- Budapest, Hungary
Meilutė Julija Lukšienė originates from a famous family that were active in Lithuanian culture. She obtained her formal education in Lithuania in the interwar period: in 1931 she graduated from the Vytautas Magnus Gymnasium in Vilnius, and in 1942 she graduated from the Humanities Faculty at Vytautas Magnus University in Kaunas, with a degree in the history of Lithuanian literature (main speciality), with Lithuanian language criticism, French literature, and pedagogy (subsidiary subjects).
Lukšienė was employed as a teacher and as a university lecturer, and from 1951 to 1958 was head of the Department of Lithuanian Literature at Vilnius University. In 1958, she was dismissed from the Department of Lithuanian Literature, accused by Party activists and the Party Committee of anti-Marxism, ‘bourgeois approaches’ to Lithuanian literature, and the idealisation of Lithuania’s past. After she was dismissed from the university, Lukšienė continued her research work. She was involved in non-Soviet networks among the Lithuanian intelligentsia that tried to save the architectural heritage from Soviet industrial and construction projects, and to protect Lithuanian history, culture and literature in Lithuanian society against the so-called internationalism promoted by the regime.
In 1988, as an outstanding authority among Lithuanian scholars, Meilė Lukšienė was elected a member of the Initiative Group of Sąjūdis, the emerging Reform Movement of Lithuania, which was to become the most important force in Lithuania to restore independent statehood in 1990. She rallied the Lithuanian Republic Educational Reform Group, and acted as one of the most important creators of the first independent Concept of Lithuanian Education and the related educational documents.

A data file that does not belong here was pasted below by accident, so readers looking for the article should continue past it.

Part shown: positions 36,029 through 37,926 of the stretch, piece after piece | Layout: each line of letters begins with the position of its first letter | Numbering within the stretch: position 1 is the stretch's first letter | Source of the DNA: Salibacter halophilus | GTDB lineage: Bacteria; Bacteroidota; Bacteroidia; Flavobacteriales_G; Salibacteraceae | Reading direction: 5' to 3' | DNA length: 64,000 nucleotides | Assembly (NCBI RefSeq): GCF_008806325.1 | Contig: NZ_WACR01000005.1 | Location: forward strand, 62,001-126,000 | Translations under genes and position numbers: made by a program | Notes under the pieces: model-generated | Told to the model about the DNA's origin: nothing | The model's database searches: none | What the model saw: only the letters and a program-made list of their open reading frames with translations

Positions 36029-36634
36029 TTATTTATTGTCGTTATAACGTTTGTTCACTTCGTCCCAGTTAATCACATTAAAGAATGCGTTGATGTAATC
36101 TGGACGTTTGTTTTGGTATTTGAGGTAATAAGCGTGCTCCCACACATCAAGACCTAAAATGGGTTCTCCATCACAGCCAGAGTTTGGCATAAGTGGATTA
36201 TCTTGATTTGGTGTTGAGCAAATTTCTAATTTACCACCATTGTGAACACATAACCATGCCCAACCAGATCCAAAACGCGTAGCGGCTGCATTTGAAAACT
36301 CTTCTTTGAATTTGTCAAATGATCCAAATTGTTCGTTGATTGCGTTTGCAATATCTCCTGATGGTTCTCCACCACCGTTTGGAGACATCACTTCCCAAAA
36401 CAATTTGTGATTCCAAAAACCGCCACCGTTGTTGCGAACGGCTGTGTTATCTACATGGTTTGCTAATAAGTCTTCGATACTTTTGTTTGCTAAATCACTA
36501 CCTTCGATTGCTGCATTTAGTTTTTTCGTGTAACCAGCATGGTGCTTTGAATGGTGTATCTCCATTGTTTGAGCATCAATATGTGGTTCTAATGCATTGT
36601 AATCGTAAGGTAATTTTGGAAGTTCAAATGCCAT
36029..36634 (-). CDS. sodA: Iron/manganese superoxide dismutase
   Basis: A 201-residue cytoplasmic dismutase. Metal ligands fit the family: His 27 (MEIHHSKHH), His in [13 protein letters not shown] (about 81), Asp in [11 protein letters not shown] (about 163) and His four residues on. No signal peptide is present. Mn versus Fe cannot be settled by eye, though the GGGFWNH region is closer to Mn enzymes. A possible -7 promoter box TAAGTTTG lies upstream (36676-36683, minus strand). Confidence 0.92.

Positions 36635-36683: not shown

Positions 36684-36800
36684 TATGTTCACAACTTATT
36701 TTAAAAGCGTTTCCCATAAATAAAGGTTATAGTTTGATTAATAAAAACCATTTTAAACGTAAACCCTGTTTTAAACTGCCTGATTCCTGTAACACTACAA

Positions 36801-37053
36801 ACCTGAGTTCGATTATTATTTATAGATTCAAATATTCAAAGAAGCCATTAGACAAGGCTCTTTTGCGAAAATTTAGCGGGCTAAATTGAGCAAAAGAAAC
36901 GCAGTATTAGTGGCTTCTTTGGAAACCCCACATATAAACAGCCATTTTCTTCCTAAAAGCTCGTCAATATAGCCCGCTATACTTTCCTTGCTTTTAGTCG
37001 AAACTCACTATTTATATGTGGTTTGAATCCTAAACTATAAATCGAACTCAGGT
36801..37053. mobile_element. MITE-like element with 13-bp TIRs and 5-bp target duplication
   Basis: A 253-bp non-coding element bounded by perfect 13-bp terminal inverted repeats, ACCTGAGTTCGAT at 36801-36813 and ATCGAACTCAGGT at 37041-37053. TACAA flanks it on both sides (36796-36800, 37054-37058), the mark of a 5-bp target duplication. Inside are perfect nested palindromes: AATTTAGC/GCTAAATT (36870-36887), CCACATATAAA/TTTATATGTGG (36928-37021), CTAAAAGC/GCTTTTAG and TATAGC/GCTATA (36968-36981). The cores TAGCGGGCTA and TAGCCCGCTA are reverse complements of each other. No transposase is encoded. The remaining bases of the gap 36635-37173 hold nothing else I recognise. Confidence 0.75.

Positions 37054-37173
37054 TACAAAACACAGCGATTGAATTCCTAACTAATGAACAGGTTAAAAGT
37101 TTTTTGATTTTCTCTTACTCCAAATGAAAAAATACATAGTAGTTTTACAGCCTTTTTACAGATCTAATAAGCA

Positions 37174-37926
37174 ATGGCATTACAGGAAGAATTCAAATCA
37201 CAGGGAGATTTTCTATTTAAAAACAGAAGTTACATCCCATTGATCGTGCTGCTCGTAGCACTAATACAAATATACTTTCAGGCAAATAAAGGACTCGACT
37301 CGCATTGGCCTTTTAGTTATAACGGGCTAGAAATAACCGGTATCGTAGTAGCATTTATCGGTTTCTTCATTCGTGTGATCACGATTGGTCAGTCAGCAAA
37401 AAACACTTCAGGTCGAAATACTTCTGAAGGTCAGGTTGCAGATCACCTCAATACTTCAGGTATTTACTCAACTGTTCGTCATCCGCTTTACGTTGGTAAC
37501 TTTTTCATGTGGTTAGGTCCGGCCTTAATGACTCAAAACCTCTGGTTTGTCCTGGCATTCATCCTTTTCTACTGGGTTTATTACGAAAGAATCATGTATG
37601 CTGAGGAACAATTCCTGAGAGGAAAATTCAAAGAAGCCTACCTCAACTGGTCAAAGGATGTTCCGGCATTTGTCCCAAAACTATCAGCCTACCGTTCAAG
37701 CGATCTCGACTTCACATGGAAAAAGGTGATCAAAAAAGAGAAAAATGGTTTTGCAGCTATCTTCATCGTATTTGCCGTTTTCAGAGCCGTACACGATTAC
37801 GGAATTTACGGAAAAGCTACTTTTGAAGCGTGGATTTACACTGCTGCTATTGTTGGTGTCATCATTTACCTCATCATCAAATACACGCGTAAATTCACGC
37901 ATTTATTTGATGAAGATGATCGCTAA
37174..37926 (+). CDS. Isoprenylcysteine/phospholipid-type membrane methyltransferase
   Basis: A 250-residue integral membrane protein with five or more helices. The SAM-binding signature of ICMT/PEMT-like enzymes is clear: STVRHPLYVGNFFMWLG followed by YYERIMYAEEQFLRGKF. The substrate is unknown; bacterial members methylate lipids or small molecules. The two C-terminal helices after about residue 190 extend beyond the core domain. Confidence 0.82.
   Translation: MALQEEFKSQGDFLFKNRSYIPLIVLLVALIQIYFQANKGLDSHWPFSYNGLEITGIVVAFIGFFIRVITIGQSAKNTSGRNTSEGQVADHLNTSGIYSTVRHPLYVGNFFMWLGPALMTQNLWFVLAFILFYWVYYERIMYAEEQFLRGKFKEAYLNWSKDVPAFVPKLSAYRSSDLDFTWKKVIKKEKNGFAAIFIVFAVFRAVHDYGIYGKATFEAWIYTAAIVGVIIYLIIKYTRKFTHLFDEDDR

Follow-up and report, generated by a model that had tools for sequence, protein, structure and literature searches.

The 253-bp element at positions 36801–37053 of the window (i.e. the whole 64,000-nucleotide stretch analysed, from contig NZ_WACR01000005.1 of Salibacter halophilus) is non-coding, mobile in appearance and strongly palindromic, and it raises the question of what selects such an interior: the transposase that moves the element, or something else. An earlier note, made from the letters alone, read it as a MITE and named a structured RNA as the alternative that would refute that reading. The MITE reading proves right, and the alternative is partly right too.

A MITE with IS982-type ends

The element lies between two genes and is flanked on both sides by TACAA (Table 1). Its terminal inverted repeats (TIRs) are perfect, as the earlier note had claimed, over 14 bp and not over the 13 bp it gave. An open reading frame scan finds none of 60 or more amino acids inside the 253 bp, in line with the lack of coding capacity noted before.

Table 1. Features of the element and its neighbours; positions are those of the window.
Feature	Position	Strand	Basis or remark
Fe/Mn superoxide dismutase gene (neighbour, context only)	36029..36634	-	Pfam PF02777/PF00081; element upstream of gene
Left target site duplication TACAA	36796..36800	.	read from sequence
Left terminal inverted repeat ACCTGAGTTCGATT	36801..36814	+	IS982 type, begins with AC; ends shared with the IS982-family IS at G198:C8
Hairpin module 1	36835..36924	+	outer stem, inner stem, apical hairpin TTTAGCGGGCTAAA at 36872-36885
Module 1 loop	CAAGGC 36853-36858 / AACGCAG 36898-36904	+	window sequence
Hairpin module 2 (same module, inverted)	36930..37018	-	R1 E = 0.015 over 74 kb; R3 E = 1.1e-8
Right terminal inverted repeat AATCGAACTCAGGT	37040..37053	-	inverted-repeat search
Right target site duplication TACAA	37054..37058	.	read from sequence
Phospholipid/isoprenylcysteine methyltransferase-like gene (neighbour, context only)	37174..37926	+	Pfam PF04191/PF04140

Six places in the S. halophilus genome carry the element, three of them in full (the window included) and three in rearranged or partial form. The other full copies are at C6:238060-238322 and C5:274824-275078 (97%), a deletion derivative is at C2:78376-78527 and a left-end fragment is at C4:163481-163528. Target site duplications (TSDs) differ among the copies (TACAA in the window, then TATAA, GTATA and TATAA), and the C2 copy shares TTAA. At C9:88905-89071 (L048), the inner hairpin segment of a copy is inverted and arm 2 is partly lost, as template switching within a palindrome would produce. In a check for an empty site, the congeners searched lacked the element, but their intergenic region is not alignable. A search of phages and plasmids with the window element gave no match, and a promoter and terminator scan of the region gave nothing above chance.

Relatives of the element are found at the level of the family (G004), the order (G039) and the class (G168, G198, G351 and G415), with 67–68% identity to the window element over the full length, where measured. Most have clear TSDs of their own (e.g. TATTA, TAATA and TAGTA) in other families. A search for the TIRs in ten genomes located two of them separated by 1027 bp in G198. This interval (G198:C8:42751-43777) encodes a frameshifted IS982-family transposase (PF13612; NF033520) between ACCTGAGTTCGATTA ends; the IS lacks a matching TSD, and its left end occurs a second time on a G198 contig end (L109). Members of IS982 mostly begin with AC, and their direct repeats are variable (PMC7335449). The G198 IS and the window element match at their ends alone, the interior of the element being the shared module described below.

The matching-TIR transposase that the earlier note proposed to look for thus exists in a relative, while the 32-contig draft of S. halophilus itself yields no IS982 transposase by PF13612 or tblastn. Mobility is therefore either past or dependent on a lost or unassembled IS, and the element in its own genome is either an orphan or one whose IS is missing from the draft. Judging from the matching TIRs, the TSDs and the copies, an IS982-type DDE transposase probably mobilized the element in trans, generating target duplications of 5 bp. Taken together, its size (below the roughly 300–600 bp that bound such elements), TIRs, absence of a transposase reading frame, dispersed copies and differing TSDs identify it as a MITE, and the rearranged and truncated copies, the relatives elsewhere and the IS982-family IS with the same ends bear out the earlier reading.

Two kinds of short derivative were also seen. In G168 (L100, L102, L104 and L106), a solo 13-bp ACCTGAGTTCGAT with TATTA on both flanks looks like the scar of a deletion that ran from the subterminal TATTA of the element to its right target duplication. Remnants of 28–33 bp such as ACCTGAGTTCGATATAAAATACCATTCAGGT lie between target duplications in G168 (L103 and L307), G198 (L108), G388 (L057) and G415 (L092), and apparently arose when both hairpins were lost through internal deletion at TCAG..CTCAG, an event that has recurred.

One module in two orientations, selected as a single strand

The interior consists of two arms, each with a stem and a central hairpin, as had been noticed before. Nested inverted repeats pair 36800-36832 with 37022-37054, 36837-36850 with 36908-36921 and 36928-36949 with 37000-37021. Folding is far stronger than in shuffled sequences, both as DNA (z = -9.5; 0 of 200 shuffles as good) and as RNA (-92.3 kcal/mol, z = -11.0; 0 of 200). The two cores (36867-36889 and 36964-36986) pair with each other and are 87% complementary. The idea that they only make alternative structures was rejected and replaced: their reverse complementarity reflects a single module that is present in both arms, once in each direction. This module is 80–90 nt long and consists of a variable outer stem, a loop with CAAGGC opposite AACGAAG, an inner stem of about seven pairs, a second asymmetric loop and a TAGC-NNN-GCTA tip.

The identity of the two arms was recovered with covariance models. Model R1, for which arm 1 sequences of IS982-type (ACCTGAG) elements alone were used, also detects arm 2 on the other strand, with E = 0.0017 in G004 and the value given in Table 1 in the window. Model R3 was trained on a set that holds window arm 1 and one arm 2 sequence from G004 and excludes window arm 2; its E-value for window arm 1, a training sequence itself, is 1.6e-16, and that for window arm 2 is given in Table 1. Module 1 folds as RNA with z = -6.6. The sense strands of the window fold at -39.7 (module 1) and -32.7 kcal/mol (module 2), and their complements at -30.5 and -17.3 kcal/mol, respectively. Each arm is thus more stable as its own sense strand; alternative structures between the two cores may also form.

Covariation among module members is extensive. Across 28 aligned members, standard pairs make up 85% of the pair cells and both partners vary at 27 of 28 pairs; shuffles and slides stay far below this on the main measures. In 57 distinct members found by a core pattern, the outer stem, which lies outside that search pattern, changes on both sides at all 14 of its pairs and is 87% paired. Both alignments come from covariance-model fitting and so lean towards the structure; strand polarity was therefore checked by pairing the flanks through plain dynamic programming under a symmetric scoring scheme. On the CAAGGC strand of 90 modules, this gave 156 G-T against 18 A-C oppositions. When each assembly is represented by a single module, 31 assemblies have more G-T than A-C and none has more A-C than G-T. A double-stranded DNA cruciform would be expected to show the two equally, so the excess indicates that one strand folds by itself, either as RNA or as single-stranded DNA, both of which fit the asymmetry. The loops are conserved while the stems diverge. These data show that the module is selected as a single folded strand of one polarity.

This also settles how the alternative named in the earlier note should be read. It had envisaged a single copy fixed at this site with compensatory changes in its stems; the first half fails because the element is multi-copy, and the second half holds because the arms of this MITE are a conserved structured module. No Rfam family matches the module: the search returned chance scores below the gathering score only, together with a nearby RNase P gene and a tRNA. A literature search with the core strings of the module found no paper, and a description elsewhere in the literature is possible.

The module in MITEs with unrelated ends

Meilė Lukšienė was the first person in Lithuania to base the methodology of democratic education scientifically on aspects of both historical and contemporary development. Her research works are characterised by the principle of integrating humanitarian and social sciences, which continues to have an immense impact on the development of the science of educational theory.
Her research works were conducted across three areas of research, pedagogy, literature and culturology, and excelled over the prevailing investigations of those times, which concentrated on specific narrow issues in the school system and didactics. Meilė Lukšienė raised essential questions about the orientation of the Lithuanian education system, namely the ratio of nationality to universality, education in the cultural identity, the continuation of the cultural tradition and the modernisation of education, and social justice.
Meilė Lukšienė achieved a lot, because Lithuanian education had a conceptual Europe-orientated future educational model when independence was restored in 1990. It was used as a basis to create the General Concept of Education in Lithuania (1992), which delineated the directions for the development of the national education system. The essential principles for education chosen were humanism, democracy, national identity and renewal.
- Vilnius , Lithuania